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27 Jul. 2020 | Comments (0)
After weeks of growth following the phased opening of businesses, the US economy is showing signs of slowing down. Many states are experiencing an increase in the number of COVID-19 cases and some have recently reimplemented restrictions, that had been lifted in May-June. In addition, many consumers may be reluctant to go out and spend when the risk of infection is elevated.
Has this weakness reached hiring?
The trend in the number of online job ads suggests that hiring is edging lower in recent weeks, according to our measure (Figure 1). The Conference Board®-Burning Glass® Help Wanted OnLine™ (HWOL) data series (Figure 1) collects millions of online job ads in real-time and classifies them, among other things, by location and occupation.
We should expect the additional restrictions on state economies to reduce hiring for several reasons:
First, there has been very little re-opening of businesses in recent weeks, and very little need to hire staff for re-opened businesses. Also, there are growing expectations of further restrictions and business closings which would make these business owners more reluctant to hire.
The widespread increase in new cases also drove home the message that the pandemic and the related economic crisis were far from over. Many were hoping that, come summer, the pandemic would gradually die down, but that is clearly not the case. As a result, businesses’ expectations regarding demand for the next year probably deteriorated. In such an environment, hiring would suffer.
Among the hardest hit jobs were those in food preparation and serving related occupations. In the initial phases of reopening restaurants and bars, a large demand for cooks, servers, bartenders and related jobs opened. Business that were once fully staffed were now in need of workers.
Most of these businesses are not operating a full capacity but were expected to by mid-summer. As the number of new confirmed coronavirus cases rose, states were forced to roll-back plans for things like indoor dining and capacity limits. Many states like Michigan and California have recently reimplemented restrictions, that had been lifted in June, as new confirmed cases started to rise again. As a result, the average number of daily job ads in July (July 5 to July 19) for Food Preparation and Serving Related occupation dropped by 30% relative to June (June 1 to June 28).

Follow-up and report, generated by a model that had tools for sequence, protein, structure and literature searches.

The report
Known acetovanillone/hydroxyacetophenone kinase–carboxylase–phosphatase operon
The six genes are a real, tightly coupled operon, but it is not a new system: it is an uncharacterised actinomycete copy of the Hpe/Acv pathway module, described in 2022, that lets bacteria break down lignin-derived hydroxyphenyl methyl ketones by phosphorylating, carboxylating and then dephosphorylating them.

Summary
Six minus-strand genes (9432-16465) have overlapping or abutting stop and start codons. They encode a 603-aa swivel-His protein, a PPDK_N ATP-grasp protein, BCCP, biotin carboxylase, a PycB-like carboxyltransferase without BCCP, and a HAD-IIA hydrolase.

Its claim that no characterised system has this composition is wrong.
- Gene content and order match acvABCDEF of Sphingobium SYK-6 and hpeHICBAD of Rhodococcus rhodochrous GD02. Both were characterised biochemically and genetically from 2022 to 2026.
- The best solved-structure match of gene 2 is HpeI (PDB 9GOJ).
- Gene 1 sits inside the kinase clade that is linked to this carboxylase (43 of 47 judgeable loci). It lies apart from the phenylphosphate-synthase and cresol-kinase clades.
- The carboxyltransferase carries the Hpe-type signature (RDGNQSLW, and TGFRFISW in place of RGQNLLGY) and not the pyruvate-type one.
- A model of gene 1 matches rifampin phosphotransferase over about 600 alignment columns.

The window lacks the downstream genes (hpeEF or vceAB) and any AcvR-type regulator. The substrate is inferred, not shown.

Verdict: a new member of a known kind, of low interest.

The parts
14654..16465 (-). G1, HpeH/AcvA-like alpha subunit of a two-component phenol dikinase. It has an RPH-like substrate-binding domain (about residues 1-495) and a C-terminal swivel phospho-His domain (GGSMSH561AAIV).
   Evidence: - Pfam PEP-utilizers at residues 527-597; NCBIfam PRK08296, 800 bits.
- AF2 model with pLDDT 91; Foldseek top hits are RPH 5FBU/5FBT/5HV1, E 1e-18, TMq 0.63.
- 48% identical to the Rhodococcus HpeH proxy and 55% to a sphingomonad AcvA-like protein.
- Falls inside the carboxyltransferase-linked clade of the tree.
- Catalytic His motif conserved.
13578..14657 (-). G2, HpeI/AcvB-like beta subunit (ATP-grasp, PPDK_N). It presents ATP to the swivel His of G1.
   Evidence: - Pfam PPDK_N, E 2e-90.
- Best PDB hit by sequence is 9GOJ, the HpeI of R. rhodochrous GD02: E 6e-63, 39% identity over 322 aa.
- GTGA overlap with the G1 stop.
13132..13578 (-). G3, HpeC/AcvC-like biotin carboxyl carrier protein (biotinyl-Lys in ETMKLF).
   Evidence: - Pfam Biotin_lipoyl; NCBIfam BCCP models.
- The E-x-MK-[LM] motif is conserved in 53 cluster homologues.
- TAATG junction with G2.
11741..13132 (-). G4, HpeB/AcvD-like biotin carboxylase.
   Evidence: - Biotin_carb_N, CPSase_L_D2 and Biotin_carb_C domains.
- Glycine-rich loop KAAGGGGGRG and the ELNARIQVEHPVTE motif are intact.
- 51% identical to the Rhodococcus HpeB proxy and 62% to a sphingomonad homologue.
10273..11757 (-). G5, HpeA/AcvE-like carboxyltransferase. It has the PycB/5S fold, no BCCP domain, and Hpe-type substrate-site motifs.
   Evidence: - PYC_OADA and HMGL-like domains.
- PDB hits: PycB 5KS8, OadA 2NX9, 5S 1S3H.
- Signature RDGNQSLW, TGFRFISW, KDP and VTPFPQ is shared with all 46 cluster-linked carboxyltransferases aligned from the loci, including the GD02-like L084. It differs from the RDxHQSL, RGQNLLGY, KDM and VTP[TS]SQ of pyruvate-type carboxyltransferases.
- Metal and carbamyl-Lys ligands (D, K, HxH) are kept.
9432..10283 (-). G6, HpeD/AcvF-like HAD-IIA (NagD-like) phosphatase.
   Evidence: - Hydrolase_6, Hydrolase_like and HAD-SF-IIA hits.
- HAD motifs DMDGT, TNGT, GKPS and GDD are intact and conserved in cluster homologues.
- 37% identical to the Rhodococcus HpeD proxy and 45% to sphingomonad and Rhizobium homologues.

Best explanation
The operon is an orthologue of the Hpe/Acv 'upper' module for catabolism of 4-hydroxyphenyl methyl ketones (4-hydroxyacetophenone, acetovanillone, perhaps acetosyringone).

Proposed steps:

The number of ads for technology and engineering related jobs also experienced a large drop in recent weeks. It is not entirely clear why that is. Perhaps, the gloomier economic outlook for the next year may have muted the need to beef up staffing for new technology related projects.
Many states are experiencing an increase in the number of COVID-19 cases, but they are not necessarily the ones losing the most steam. Looking at online job postings, we can see where hiring is slowing down the fastest and the types of jobs shrinking in demand.
Shown in Figure 2, the whole country has experienced a decline in the average number of daily job ads relative to June 2020.
States in the south have been making headlines for their rise in confirmed coronavirus cases, but their economic slowdown is similar to the rest of the country. The Pacific division of the US experienced the largest change with a 17% drop. The Middle Atlantic, which includes hard hit states like New York and New Jersey, had the smallest change with a 11% drop in average daily job postings.
The economic slowdown will likely continue if the outlook for fully reopening the economy appears gloomy. Demand for workers is a function of current business needs as well as anticipated future needs. If companies and business owners fail to see the light at the end of the tunnel, the labor market will likely suffer.